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Why Groups Fail to Share Information Effectively

Hardly surprising: Why Groups Fail to Share Information Effectively: “When asked to make a group decision, instead of sharing vital information known only to themselves, people tend to repeat information that everyone already knows.”
Most spaces/venues of interaction fail to take advantage of the value of critique and debate. Since disagreement in generally not encouraged, we end up sharing information that we think will not cause conflict or upset others. It takes a degree of self-confidence (and a supportive environment) to ensure contrary voices are heard.
What controversial idea have you shared lately? And, how was it received? Pressure to normalize ideas (and people) is strong and pervasive in groups…


  1. Ken Allan wrote:

    Kia ora e George!

    I am forever attempting to share controversial ideas. I have earned a reputation for these attempts and they are rarely looked upon as useful. But my persistence has caused many to expect that I will make the attempts nevertheless.

    My tack now is to ask the rhetorical question rather than proffer the controversial statement. It’s more acceptable to do it that way, but it doesn’t make the controversy any more comfortable.

    I think you are right when you say, “disagreement in generally not encouraged”. But I often wonder what the real root of ‘disagreement’ is.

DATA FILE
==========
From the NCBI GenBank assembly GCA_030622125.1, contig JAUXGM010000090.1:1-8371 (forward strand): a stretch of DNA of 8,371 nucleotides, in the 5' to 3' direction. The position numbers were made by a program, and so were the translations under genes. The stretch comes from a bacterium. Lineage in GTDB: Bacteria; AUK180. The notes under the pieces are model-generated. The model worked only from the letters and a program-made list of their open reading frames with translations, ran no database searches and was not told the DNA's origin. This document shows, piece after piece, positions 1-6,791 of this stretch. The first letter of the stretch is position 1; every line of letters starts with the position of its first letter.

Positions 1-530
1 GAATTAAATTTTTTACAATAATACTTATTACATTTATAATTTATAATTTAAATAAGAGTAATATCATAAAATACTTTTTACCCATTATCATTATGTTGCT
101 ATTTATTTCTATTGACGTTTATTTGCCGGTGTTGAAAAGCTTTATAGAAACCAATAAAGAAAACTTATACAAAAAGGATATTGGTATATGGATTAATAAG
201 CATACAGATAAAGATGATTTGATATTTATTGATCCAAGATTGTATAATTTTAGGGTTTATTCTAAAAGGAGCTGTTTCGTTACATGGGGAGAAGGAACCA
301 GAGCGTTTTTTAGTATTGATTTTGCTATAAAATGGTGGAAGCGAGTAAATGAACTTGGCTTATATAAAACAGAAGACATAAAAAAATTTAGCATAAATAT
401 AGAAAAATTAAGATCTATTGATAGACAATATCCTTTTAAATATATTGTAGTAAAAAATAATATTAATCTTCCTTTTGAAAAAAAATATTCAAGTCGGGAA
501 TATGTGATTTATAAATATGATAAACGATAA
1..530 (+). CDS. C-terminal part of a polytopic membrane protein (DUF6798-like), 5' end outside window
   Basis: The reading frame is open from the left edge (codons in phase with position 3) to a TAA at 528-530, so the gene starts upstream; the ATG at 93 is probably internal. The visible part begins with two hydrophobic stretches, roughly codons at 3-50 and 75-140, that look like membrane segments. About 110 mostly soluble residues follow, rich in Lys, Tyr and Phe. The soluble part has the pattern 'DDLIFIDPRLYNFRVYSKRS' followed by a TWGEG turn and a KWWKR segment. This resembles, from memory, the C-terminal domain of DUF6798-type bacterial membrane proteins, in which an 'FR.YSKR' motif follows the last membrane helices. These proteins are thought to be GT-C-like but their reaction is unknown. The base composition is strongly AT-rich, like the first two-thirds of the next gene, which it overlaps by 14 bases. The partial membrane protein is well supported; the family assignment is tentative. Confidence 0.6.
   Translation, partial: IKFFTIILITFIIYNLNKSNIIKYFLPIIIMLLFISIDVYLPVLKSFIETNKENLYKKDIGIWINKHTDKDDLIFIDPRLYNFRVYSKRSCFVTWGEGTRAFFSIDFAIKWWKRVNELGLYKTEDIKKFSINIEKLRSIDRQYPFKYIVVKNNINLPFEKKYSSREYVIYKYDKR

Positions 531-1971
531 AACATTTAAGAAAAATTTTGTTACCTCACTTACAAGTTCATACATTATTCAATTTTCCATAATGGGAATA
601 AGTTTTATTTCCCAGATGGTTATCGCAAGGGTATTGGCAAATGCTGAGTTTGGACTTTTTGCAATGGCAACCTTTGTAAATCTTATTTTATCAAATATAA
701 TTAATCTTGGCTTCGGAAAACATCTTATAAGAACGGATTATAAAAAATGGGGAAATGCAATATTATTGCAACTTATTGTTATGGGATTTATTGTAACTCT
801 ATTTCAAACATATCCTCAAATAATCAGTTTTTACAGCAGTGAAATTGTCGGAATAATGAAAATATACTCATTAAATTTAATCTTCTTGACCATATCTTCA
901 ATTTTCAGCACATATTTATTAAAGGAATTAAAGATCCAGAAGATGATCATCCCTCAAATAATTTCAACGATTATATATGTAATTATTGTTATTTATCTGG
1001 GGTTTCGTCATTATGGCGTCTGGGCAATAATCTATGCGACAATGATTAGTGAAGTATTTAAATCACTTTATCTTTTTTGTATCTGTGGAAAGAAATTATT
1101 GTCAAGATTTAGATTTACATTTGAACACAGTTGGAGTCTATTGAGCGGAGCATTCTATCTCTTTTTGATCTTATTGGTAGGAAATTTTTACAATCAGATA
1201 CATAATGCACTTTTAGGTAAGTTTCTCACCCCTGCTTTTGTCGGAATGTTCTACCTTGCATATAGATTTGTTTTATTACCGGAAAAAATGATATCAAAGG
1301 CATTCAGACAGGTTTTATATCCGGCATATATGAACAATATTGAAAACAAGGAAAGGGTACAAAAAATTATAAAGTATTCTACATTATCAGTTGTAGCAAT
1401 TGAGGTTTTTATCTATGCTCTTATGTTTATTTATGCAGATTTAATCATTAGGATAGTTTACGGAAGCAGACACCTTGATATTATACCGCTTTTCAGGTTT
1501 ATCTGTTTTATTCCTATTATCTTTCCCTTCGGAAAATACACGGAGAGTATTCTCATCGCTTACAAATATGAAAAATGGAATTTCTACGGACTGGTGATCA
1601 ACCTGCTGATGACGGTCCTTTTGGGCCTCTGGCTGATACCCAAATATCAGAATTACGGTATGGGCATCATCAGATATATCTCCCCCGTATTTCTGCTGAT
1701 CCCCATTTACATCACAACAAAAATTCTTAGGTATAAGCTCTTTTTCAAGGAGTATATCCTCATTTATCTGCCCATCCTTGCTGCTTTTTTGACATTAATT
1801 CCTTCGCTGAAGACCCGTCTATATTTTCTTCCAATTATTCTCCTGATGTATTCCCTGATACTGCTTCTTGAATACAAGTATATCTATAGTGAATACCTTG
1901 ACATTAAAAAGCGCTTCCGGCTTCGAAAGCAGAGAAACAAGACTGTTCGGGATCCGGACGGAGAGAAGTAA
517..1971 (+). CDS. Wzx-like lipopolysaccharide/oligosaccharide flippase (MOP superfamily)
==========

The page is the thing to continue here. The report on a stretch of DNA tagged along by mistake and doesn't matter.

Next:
Is it just that people have not thought sufficiently about the issue? Is it that people don’t want to put much thought into the issue? My hunch is that being winkled out of the comfort zone can be done in many different ways, the chief of which (these days) is being asked to think critically about controversial issues. People in general don’t want to chew the fat over possibilities when controversy is only skin deep.

    Often the controversy has a political aspect to it. In this way it is often defined before the issue is raised. But when it’s raised, I watch as people duck under the parapet.

    It makes for interesting studies in human behaviour.

    Catchya later

    Monday, August 17, 2009 at 4:08 am | Permalink
  2. Hi Ken – good approach – few people like to be directly challenged. But, when we are led into deeper thinking by provocative questions, we generally rise to the challenge…

    Monday, August 17, 2009 at 12:26 pm | Permalink
  3. Ken Allan wrote:

    Kia ora e George.

    I do believe that the success of rousing those who may ‘rise to the challenge’ lies very much with the environment that they are in. Over the years I’ve watched many fall by the wayside and labeled as being negative when indeed they were anything but negative. But a culture that shames and blames not only persecutes those who attempt this, it also stops anyone else considering an attempt. As you said, “(p)ressure to normalize ideas (and people) is strong and pervasive in groups . . . “. It can also be initiated in the group by external influences. Such a culture as I discuss here can be fostered by the ‘OK who’s next’ attitude by management or authorities. At which time the would-be-sharers simply duck for cover and say nothing.

    There now. How’s that for a shared controversial idea? :-)

    Wednesday, August 19, 2009 at 12:06 am | Permalink